In 1897, Theodore Roosevelt agreed to serve as assistant secretary of the Navy under President William McKinley. In this capacity, Roosevelt strongly supported war with Spain. Anxious to prove himself under fire, he resigned to organize and command the 1st U.S. Volunteer Cavalry Regiment, known as the "Rough Riders." Roosevelt distinguished himself and his regiment in a bold charge up the hill next to San Juan, Cuba, and returned home a war hero. To find out more about Theodore Roosevelt, check this brief, but detailed, biography.

  6. Grolier Presents the American Presidency: Theodore Roosevelt
    In 1898, the Republican Party nominated Theodore Roosevelt for governor of New York, hoping that the decorated war hero, with his reputation as a reformer, would cause the voters to ignore a series of recent party scandals. He did indeed win the election but set about enacting several reform measures --such as the regulation of sweatshops --that angered some party supporters. In 1900, to keep Roosevelt from running for a second term as governor, Republican leaders pushed him to accept the vice-presidential nomination. The Republicans won the election, but six months after his inauguration, President William McKinley was assassinated and the 42 year-old, reform-minded Roosevelt became the president of the United States. This page is geared for students in upper elementary school but would be equally useful for older students. In addition to an insightful, well-written biography of Theodore Roosevelt, the page includes such helpful links as the text of Roosevelt's 1905 inaugural speech; articles on such topics as political parties, the U.S. Congress, and elections; and biographies of other presidents.

  7. The White House: Theodore Roosevelt

    Theodore Roosevelt became the 26th president at the age of 42, making him the youngest man to hold that office. Read more about a colorful leader in this biographical sketch from the official White House Web site. You can also click on the various links to other pages of this well-designed site for a biographical sketch of Roosevelt's second wife, Edith Kermit Carow Roosevelt; a history of the White House; kid's pages; and more.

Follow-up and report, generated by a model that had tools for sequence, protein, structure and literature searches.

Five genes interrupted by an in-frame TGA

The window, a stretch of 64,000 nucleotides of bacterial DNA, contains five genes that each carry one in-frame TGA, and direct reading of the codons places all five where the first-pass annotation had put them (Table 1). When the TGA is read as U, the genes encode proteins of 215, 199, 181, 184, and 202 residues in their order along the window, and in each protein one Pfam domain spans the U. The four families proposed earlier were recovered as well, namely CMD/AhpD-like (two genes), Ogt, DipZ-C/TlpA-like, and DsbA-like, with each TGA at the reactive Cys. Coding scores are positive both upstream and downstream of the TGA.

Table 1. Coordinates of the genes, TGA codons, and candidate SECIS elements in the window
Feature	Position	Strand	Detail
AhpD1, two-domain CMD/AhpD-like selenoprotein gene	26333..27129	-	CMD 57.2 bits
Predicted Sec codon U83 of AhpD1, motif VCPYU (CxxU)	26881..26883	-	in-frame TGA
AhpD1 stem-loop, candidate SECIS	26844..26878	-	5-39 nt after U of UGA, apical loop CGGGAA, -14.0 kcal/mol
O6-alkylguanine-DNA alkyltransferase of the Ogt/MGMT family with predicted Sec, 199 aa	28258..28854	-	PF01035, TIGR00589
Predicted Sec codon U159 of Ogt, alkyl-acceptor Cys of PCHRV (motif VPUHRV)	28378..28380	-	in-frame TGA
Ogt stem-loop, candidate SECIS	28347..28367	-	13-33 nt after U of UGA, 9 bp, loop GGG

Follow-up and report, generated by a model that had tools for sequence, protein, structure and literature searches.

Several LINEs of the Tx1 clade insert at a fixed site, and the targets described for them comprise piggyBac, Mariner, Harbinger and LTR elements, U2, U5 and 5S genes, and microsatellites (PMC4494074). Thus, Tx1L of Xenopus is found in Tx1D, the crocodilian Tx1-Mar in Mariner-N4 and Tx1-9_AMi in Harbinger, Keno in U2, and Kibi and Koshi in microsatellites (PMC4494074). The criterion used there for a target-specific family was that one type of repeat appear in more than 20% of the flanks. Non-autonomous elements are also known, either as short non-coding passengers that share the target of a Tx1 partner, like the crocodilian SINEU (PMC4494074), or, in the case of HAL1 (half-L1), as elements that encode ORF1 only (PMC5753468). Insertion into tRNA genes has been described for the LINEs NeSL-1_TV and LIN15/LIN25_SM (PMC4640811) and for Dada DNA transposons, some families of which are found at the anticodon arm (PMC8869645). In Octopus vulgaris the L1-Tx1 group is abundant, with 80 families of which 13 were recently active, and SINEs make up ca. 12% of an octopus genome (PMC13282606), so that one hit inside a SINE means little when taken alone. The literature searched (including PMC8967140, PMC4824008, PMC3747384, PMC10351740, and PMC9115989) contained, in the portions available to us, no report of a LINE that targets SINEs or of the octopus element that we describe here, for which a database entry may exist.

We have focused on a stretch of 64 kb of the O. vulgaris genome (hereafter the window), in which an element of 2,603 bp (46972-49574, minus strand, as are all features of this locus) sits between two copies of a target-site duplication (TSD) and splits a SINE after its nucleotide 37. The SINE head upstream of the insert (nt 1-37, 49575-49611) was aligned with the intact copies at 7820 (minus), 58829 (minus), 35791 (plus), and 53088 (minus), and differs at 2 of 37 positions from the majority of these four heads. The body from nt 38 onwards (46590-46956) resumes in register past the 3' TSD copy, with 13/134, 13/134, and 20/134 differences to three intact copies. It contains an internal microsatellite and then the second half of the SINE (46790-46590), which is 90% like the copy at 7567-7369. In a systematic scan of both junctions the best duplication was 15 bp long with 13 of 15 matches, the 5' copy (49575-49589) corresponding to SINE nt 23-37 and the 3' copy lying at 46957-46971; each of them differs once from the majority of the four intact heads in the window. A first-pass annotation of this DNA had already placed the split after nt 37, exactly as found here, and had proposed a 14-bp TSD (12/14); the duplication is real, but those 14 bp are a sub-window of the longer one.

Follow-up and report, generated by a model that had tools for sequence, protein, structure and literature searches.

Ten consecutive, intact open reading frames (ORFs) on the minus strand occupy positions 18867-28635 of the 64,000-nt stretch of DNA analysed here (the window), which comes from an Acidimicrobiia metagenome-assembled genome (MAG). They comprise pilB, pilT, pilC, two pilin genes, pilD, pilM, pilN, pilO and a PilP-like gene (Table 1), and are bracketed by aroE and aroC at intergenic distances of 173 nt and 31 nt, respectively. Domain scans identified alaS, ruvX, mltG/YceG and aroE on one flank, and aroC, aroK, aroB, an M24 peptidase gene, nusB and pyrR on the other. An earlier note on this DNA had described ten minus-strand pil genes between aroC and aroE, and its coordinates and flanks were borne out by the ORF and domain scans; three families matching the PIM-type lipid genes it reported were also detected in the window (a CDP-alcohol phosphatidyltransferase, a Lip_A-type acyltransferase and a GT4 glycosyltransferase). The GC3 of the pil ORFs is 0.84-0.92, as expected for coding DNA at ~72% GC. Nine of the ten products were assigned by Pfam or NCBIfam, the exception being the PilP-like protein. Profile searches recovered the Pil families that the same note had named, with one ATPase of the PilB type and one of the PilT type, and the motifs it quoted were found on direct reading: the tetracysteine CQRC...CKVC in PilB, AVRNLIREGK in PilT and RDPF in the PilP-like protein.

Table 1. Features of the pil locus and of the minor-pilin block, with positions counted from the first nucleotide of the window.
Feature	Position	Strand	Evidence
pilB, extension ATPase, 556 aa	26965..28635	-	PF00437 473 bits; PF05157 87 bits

8. Theodore Roosevelt: Icon of the American Century
    On November 16, 1902, a cartoon titled "Drawing the Line in Mississippi" appeared on the front page of the Washington Post. The cartoon showed then-President Theodore Roosevelt wielding a rifle but refusing to shoot a black bear roped to a tree. The image of the sportsman-like Roosevelt was popular, and the bear continued to appear in subsequent cartoons by the artist, Clifford K. Berryman, eventually starting the "Teddy bear" craze. Find more interesting facts about Theodore Roosevelt in this photo essay from the Smithsonian Institute National Portrait Gallery Web site.

  9. Theodore Roosevelt: 26th President of the United States of America
    Far better it is to dare mighty things, to win glorious triumphs, even though checkered by failure, than to take rank with those poor spirits who neither enjoy much nor suffer much, because they live in the gray twilight that knows not victory nor defeat. ...
         --Theodore Roosevelt, "The Strenuous Life," April 10, 1899

    Check out this site to read the text of some of Theodore Roosevelt's speeches, view numerous photographs and political cartoons, or do a Roosevelt crossword puzzle.


  • Theodore Roosevelt: U.S. President, Rough Rider, Conservationist
    This article describes Theodore Roosevelt's connection with, and contributions to the American West. is a monthly Internet-based magazine. Its purpose is to entertain, educate, and explore the beauty, life, and culture of the North American deserts.
  • Lauren P. Gattilia
    Education World®
    Copyright © 2000 Education World